So let’s say you’re doing some of the higher intensity training, you’re pointing for a shorter race or whatever, I don’t know if a shorter race is a marathon for you or something, uh, but I imagine there’s times, how do you do it? Are you doing it before your glycolytic workouts? Are you doing it to recover after mm-hmm. <affirmative> And what kind of carbs are you choosing when you’re upping the carbs from your, your normal baseline?
Yeah, so a lot of times it’s just, uh, you know, I’ll, if I have a big block coming up, um, I’ll really like maybe a day or so or two days before I’ll start kind of like inching it up a little bit, the carbon take a little bit and then I’ll, I’ll try to be pretty strategic about using it during it as well where I’m not like snacking on high levels of carbohydrate when, uh, when I, when they’re gonna be like heavy insulin responses for it. So like kinda that before, during, and after type of mentality once I get into the hard training block is usually a pretty good timeframe to aim for. For me, I aim for mostly like what you consider low glycemic carbohydrate sources, like sweet potatoes, melons, berries, things that aren’t gonna generate a huge like insulin response in my body. So those are kinda the ones I’ll turn of those like water-based fruit sources that are much less super concentrate. Um, and then like some of those slower, slower insulin response type carbohydrates, like maybe raw honey or, you know, like the sweet potato type.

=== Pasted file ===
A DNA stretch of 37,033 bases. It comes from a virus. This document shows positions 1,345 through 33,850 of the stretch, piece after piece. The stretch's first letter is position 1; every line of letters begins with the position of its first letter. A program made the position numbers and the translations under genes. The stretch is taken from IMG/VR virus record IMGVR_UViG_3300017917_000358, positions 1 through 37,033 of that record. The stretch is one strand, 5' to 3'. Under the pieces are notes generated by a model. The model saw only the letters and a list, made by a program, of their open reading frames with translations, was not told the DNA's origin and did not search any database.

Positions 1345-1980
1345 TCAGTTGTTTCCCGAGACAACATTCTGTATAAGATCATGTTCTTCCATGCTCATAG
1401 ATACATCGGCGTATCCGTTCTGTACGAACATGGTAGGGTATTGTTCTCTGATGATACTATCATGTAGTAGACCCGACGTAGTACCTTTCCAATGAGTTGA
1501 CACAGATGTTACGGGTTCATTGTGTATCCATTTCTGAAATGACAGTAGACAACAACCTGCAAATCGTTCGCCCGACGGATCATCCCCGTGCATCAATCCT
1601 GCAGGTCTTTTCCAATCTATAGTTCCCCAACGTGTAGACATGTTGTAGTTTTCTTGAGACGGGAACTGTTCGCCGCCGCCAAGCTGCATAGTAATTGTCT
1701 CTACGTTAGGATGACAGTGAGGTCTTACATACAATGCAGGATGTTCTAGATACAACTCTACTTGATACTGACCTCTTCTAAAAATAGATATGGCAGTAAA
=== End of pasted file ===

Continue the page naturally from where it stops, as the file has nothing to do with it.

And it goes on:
So we had this amazing results from the Faster Study we had, the fat adapted group and the carbohydrate, high carbohydrate eating control group. These guys go home and, uh, start googling stuff. And has there been a change in the, uh, I guess in the trend mm-hmm. <affirmative> in the, in the ultra scene towards that adaptation?
I think there’s definitely been a trend moving, like a higher percentage moving over, at least experimenting with it. It’s always interesting because there’s so much information to be learned. So you, it’s, you run the risk of kinda being like knowing just enough to kinda get, get yourself into trouble <laugh>, um, or you can kinda do it right and kinda see the benefits of it. So you’re walking a fine line there. You know, you definitely get people who try to the, the process and kind of do a not so good job of it and then you end up hearing about them and how it failed for them and stuff. But, uh, Uhhuh,
So what, what would that, what would that look like? Is it, is it someone who’s maybe not doing such a good job cutting carbs and so they’re in this, this wavering zone where they’re not getting enough to refuel like they did in the old days, uh, but still not good enough to be fat adapted?